We know D.C. Get our free newsletter to stay in the know.

Success! You're on the list.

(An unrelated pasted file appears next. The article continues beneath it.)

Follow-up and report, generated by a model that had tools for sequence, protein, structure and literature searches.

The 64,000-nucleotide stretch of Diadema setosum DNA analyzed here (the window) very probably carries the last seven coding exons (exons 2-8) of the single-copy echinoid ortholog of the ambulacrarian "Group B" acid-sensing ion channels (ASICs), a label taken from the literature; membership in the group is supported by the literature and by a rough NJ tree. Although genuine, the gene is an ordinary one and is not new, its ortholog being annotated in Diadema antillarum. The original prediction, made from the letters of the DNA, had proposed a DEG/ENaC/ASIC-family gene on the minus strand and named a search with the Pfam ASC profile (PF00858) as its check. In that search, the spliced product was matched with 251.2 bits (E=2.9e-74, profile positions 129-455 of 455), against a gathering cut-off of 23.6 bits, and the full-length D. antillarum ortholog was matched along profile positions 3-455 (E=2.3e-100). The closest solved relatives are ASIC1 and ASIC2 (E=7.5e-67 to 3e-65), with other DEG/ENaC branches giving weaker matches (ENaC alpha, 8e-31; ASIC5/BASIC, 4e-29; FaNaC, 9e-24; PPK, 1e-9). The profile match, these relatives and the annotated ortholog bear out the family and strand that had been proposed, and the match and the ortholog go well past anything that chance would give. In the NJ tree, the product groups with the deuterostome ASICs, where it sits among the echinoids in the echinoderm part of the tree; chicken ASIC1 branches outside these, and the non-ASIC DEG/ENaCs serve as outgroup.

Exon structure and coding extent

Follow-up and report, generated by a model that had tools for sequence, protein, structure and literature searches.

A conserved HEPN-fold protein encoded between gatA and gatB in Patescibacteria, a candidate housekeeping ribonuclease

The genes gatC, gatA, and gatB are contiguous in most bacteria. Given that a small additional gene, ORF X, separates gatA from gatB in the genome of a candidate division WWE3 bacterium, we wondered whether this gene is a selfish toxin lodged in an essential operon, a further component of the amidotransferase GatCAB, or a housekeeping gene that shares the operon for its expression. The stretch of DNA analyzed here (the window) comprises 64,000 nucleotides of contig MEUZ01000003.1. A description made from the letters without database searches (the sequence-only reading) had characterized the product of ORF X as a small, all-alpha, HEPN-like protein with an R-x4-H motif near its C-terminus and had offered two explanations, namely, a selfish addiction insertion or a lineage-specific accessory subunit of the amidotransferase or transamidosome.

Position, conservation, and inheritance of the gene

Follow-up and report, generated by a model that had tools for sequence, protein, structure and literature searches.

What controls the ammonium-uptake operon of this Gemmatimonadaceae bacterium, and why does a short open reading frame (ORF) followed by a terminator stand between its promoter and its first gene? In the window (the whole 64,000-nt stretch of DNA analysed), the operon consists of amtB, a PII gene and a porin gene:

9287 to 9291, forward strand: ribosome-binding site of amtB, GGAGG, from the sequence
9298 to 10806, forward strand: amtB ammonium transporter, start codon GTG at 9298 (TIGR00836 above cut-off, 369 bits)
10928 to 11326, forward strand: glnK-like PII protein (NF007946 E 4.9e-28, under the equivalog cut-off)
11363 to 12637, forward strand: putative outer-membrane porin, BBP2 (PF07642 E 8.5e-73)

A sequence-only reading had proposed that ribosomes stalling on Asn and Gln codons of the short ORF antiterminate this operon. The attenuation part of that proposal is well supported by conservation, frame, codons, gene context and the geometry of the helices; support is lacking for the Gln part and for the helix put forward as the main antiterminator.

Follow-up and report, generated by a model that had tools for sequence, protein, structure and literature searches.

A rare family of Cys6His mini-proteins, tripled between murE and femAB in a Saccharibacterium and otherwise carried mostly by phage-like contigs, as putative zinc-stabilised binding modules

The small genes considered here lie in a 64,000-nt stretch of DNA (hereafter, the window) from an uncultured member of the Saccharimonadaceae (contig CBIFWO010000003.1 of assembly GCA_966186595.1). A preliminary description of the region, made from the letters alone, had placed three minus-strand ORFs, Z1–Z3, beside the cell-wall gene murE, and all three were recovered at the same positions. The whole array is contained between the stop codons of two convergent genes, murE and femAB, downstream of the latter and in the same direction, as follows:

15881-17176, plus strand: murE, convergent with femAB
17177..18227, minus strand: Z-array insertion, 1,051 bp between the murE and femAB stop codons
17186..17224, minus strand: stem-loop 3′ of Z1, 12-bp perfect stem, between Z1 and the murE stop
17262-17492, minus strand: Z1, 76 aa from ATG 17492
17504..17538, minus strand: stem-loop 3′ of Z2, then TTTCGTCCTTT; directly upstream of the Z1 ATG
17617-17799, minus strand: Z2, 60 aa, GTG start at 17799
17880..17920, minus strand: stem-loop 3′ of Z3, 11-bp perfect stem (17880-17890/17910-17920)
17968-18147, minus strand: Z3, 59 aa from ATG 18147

The Salvation Army has high standards. No, really, especially where home goods are concerned. It will not accept furniture with torn upholstery, broken legs, severe soiling, or any other sort of defect that would require the staff to do anything more than vacuum/dust off the item and stick it on the sales floor. Perhaps you’ve had the misfortune of hauling a sofa/mattress set/armoire out to a donation center on a Saturday morning only to be told that your castoffs don’t make the cut. At the Annandale, Va., branch of the Salvation Army, the guys who check in the goods are pretty eagle-eyed when it comes to the big items. But every once in a while, they take something that is deemed unfit for sale only after it has been dropped off. So, where does that stuff go? A Dumpster? Hell no—they need that space for all the soiled undies, pill bottles, and 2.5-inch floppy disks that people sneak into their donation boxes. The more-than-gently used furniture goes across the street to a big warehouse where the fixer-upper-inclined can buy it at deep, deep discount. If you can see past crusty exteriors, there are gems to be had. I recently nabbed a mid-century-ish dresser ($20) and a mid-century-ish dining room table ($10) and, although they were pretty scratched up, I just furniture-polished them, and they were good. Maybe not as good as new but definitely good enough to pass muster at the fancy Salvation Army sales center from which they were banished. There are also big appliances (washers, dryers, and refrigerators) that aren’t very pretty but are in good working order. And a lot of the stuff isn’t even damaged—just DIY projects of questionable taste gone wrong. If you’re willing to endure not only wear and tear but design elements such as puff-paint squiggles or decoupage Wiccan symbols, an entire showroom of goods is yours for the taking.